level. He interviewed for the Marlins’ job last year, which got him thinking that he’d like to be a manager some day. Given his four successful seasons in Cincinnati, he wanted to stay if possible. “It’s a team that’s capable of doing even more,” Price said. “I think we certainly should talk very optimistically about the three playoff appearances in the last four years, which were maybe somewhat discredited because we hadn’t gotten past the first round. “Considering the 15 years prior, it was definitely a huge step in the right direction,” Price added. “But we all have expec- Bryan Price smiles after being named manager of the Cincinnati Reds Tuesday at a news conference in Cincinnati. Price, who had been the National League baseball team’s pitching coach, was signed to tations of getting beyond a three year contract. that.” Jocketty hired him Series against Boston on lined by back problems in rience at closing games. to replace Dick Pole in Wednesday. The Pirates September. Ace Johnny The offense struggled Cincinnati, where he passed the Reds for sec- Cueto missed most of the last season with no conhelped the Reds’ staff develop into one of the ond place and home-field season with shoulder prob- sistent right-handed hitter. Cleanup hitter Ryan NL’s best during his four advantage for the wild- lems. The Reds have to decide Ludwick tore cartilage in seasons working with card playoff during the whether to keep left-handBaker. Now, Jocketty has final week of the season. his right shoulder on a er Aroldis Chapman as The pitching staff will several important lineup slide on opening day and decisions to make to try to have some changes, with their closer or move him missed most of the season. keep the Reds competitive starter Bronson Arroyo into a starting role. Price Joey Votto and leadoff in the NL Central, which eligible for free agency. would have preferred makhitter Shin-Soo Choo led sent three teams to the Left-hander Tony Cingrani ing him a starter. If he gets the NL in on-base percentmade his debut last season moved into the rotation, playoffs. age, but Choo is a free Division champion St. and showed he could win the Reds don’t have anyLouis opens the World in the majors, but was side- one with appreciable expe- agent.
Lehman edges East in sectional finals, 1-0 FAIRBORN — Lehman and Miami East battled to the end Monday night before the Lady Cavs, the No. 1 seed and the No. 2-ranked team in Ohio, came away with a 1-0 victory in the Division III Sectional finals here. The win puts the Lady Cavs at 15-1-1 on the year and in the district finals Thursday night at 7 p.m. at Bellbroook against Bethel, with the winner advancing to the regional tournament starting Oct. 29. The win avenged Lehman’s only loss of the season by a 2-1 score back on Sept. 24. And it was the third year in a row that the two teams have played in the sectional championship. Lehman coach Tony Schroeder said the two teams are quite familiar with each other. “We know each other well,” he said. “They have 11 seniors and we have nine so there are a lot of very good soccer players out there. They got us 2-0 two years ago (in the sectional) and we got them 2-0 last year. So we knew what kind of game it was going to be.” And with two of the top defenses and keepers in the area in Lehman’s Grace Frantz and Miami East’s Kelly Rindler, it was no surprise it came down to one goal. Despite limiting East to two shots in the opening half, Lehman went to the break scoreless thanks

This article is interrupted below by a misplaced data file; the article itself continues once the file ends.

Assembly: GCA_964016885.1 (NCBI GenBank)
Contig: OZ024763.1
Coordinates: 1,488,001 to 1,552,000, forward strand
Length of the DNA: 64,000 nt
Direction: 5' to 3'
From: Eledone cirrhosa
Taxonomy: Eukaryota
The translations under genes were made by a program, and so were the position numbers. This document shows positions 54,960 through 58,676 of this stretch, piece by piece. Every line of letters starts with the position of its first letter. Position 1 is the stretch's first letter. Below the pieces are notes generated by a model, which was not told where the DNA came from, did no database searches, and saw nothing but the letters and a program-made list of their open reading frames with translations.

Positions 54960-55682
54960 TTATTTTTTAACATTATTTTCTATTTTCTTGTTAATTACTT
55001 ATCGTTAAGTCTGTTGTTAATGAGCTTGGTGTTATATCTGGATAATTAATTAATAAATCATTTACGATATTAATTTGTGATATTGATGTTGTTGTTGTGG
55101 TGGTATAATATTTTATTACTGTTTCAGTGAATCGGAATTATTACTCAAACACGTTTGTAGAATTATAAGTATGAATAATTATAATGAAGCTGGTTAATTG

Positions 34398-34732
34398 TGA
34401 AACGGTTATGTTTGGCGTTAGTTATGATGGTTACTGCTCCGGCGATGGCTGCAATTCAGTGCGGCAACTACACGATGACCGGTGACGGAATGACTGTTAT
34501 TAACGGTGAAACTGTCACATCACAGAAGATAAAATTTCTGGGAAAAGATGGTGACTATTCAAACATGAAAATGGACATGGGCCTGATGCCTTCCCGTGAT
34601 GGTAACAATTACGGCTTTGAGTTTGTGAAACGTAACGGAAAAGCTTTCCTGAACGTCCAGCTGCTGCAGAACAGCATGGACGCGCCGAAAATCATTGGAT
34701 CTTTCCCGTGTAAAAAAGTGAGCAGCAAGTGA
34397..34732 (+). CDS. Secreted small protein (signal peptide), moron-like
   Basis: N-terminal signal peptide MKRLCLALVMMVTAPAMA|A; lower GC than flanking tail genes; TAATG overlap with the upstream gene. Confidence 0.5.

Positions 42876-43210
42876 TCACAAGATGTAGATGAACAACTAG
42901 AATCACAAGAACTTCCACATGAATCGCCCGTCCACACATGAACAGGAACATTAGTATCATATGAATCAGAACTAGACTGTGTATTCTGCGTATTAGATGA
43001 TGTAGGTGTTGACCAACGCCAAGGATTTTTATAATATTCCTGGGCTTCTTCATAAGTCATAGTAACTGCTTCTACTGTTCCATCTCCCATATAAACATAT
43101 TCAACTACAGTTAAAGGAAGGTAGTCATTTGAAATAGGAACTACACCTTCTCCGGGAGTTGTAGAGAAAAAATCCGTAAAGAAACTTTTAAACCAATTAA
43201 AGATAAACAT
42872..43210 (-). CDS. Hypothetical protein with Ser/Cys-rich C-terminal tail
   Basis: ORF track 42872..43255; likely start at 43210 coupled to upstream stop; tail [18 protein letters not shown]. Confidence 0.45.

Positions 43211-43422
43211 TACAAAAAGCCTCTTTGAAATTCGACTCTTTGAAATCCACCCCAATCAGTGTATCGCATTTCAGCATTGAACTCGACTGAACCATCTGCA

Lady Jackets come close to big upset in sectional No. 2 seed Centerville scores with :12 left in the game to beat Sidney 2-1
Mike Ullery|Civitas Media
Marla Schroeder (right) of Lehman and Miami East’s Emily Holicki battle for the ball in sectional final action at Fairborn Monday in girls soccer action.
to some close misses and nice saves by Rindler. “The game didn’t go the way we expected,” said Schroeder. “Miami East does a great job of keeping us from playing our game. You are always worried. (East’s) Emily Holicki is very good at getting shots off thru balls, but Jordi Emrick and Karly Baird did a great job tonight.” It took almost 64 minutes to produce the game’s only goal. Madeline Franklin sent a ball down the right sideline and Ashley Keller was able to win the race to the ball. Rindler was in perfect position, but Keller hit a